“If you don’t like pollution, parking lots, and traffic congestion, you like Uber,” he added. “If you like only expensive black car service that ordinary people can’t afford, Uber is bad for you.”
On maintaining the pace of innovation through data
Kalanick said that the Uber business model depends on data. “You have to look at things at the city level. For transportation, we’re looking at what kinds of cars are in supply. What can the economy support? What are the pain points for transportation? What’s the right price point? It’s so much about getting people and cars around the city as fast as possible. There are tweaks you do elsewhere.”
“We use data to predict demand. But then we ask, how do we use that data to provide more information about supply or set the set price point? We’re not an advertising company, so don’t have the same concerns as a company like Google.”
Kalanick also said that dealing with more data requires more and more specialized talent. “What you see is more and more science, scientists and machine learning experts. That work is becoming mainstream, at least in tech companies. Everything from how to price, market to customers, serve them, is becoming a machine learning problem. We thought we were so revolutionary to have a neuroscientist on a logistics team, but in the Valley, that’s old hat.”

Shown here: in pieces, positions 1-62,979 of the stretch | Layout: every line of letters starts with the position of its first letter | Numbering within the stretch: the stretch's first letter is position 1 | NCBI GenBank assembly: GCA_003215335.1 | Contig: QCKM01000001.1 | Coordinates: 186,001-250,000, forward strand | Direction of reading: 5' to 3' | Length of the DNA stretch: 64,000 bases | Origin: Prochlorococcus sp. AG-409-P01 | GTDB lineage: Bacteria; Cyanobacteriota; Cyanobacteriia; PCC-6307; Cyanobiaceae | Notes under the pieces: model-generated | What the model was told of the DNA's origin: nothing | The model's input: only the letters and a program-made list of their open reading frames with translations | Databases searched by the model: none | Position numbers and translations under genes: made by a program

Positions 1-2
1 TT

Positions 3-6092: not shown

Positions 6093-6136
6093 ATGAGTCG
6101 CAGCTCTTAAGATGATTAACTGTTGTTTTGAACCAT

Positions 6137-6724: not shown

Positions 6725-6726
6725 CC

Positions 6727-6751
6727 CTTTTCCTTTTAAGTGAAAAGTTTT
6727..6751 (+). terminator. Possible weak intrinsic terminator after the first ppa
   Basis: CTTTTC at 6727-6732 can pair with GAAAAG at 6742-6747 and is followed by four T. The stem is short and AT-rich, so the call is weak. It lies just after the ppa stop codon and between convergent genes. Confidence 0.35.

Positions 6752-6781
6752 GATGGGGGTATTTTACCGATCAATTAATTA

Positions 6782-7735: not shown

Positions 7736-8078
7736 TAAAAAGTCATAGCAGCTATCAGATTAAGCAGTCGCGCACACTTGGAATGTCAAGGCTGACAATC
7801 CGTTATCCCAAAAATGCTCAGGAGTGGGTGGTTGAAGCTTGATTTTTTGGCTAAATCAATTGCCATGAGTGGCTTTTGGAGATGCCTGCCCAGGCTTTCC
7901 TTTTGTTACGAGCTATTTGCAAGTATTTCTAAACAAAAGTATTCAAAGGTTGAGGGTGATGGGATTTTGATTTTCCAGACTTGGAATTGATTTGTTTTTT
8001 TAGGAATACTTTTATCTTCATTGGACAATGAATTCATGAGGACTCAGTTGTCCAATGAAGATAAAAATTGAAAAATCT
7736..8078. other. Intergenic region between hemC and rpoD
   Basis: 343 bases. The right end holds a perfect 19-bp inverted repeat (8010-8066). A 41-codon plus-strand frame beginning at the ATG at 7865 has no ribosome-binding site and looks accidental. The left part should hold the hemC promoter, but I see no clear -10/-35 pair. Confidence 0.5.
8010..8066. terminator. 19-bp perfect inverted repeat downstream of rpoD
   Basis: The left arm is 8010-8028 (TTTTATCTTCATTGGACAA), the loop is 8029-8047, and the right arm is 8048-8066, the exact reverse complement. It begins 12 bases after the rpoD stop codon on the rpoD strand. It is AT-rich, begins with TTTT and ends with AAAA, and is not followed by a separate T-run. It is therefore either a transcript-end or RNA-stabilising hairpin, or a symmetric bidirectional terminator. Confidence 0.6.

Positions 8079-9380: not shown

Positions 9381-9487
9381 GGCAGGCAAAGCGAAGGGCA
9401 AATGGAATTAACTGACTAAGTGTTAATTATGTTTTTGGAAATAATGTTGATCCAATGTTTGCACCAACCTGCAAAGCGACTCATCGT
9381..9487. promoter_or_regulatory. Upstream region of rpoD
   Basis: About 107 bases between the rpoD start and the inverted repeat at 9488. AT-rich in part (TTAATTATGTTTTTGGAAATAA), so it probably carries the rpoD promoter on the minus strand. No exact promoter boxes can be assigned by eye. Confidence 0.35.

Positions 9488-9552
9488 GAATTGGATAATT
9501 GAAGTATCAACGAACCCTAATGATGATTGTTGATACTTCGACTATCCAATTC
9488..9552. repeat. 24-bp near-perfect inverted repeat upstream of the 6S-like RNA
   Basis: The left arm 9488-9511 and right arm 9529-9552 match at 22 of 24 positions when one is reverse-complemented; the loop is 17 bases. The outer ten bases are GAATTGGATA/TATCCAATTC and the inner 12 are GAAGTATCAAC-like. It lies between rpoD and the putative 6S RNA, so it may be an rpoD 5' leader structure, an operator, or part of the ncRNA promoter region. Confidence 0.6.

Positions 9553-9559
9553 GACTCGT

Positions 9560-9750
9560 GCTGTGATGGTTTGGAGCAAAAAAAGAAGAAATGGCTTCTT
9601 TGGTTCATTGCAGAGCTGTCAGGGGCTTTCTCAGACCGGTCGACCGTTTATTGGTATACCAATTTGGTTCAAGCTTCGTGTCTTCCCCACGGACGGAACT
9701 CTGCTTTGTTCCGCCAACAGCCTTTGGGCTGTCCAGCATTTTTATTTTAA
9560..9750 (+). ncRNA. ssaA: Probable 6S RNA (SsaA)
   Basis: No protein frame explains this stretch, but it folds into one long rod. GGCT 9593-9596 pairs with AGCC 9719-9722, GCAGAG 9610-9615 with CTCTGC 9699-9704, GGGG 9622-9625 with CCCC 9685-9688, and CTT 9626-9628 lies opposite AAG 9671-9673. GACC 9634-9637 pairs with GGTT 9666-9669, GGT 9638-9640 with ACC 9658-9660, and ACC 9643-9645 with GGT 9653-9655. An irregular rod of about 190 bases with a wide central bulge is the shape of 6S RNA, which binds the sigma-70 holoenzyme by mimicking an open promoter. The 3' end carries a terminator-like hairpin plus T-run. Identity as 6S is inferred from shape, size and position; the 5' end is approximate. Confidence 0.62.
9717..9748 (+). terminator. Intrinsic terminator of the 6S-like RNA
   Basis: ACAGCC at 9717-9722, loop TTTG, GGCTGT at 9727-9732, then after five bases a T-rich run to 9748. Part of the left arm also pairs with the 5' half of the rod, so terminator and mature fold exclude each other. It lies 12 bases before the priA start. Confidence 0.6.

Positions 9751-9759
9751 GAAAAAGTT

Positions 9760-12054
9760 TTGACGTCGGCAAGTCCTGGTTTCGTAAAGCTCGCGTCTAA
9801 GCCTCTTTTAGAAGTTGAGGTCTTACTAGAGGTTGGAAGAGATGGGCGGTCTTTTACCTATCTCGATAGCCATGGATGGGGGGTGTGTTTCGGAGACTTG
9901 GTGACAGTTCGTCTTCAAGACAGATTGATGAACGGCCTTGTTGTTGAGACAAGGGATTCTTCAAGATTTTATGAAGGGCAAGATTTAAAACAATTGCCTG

As they learn more about how to make use of the data, private companies will be in a position to partner with public institutions, Kalanick argued.